A comparative genetic linkage map of eggplant (Solanum melongena) and its implications for genome evolution in the Solanaceae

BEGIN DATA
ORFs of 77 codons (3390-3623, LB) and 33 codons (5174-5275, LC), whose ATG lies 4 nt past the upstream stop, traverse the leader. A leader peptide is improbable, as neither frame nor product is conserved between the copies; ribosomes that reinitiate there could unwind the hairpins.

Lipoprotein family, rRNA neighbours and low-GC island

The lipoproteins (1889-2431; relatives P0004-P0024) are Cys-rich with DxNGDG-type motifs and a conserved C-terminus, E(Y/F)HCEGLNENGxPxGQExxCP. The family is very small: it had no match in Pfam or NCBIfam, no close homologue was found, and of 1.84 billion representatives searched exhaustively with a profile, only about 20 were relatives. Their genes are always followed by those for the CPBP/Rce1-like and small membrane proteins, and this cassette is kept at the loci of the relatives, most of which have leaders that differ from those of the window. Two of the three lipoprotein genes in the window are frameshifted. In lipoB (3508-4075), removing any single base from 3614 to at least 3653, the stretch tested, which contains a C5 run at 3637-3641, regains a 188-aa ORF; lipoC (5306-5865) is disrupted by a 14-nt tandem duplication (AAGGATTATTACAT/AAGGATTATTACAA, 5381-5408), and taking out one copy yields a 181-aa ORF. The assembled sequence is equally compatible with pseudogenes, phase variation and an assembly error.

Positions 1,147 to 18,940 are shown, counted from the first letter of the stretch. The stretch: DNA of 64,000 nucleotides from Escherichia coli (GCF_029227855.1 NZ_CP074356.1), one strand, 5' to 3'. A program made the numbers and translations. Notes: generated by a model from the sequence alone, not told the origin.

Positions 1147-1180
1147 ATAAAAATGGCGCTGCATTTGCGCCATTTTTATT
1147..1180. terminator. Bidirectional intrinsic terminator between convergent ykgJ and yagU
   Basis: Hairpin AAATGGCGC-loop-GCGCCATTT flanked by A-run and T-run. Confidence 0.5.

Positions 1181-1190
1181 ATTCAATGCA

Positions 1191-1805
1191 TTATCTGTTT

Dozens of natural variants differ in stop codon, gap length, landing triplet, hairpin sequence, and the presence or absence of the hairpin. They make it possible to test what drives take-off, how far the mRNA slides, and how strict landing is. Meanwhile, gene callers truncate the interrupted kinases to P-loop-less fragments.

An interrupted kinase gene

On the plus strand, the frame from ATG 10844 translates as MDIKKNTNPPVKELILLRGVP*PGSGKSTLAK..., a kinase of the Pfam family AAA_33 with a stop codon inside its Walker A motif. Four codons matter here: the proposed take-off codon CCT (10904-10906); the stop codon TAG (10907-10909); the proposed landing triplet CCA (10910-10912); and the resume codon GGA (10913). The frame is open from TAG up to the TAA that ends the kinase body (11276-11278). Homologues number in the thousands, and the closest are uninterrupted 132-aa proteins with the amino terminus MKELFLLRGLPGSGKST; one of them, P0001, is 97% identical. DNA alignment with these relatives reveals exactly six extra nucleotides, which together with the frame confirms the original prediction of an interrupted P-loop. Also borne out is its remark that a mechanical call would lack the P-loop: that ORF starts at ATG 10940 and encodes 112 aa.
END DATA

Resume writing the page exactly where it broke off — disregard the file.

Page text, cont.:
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A molecular genetic linkage map based on tomato cDNA, genomic DNA, and EST markers was constructed for eggplant, Solanum melongena. The map consists of 12 linkage groups, spans 1480 cM, and contains 233 markers. Comparison of the eggplant and tomato maps revealed conservation of large tracts of colinear markers, a common feature of genome evolution in the Solanaceae and other plant families. Overall, eggplant and tomato were differentiated by 28 rearrangements, which could be explained by 23 paracentric inversions and five translocations during evolution from the species' last common ancestor. No pericentric inversions were detected. Thus, it appears that paracentric inversion has been the primary mechanism for chromosome evolution in the Solanaceae. Comparison of relative distributions of the types of rearrangements that distinguish pairs of solanaceous species also indicates that the frequency of different chromosomal structural changes was not constant over evolutionary time. On the basis of the number of chromosomal disruptions and an approximate divergence time for Solanum, ∼0.19 rearrangements per chromosome per million years occurred during the evolution of eggplant and tomato from their last ancestor. This result suggests that genomes in Solanaceae, or at least in Solanum, are evolving at a moderate pace compared to other plant species.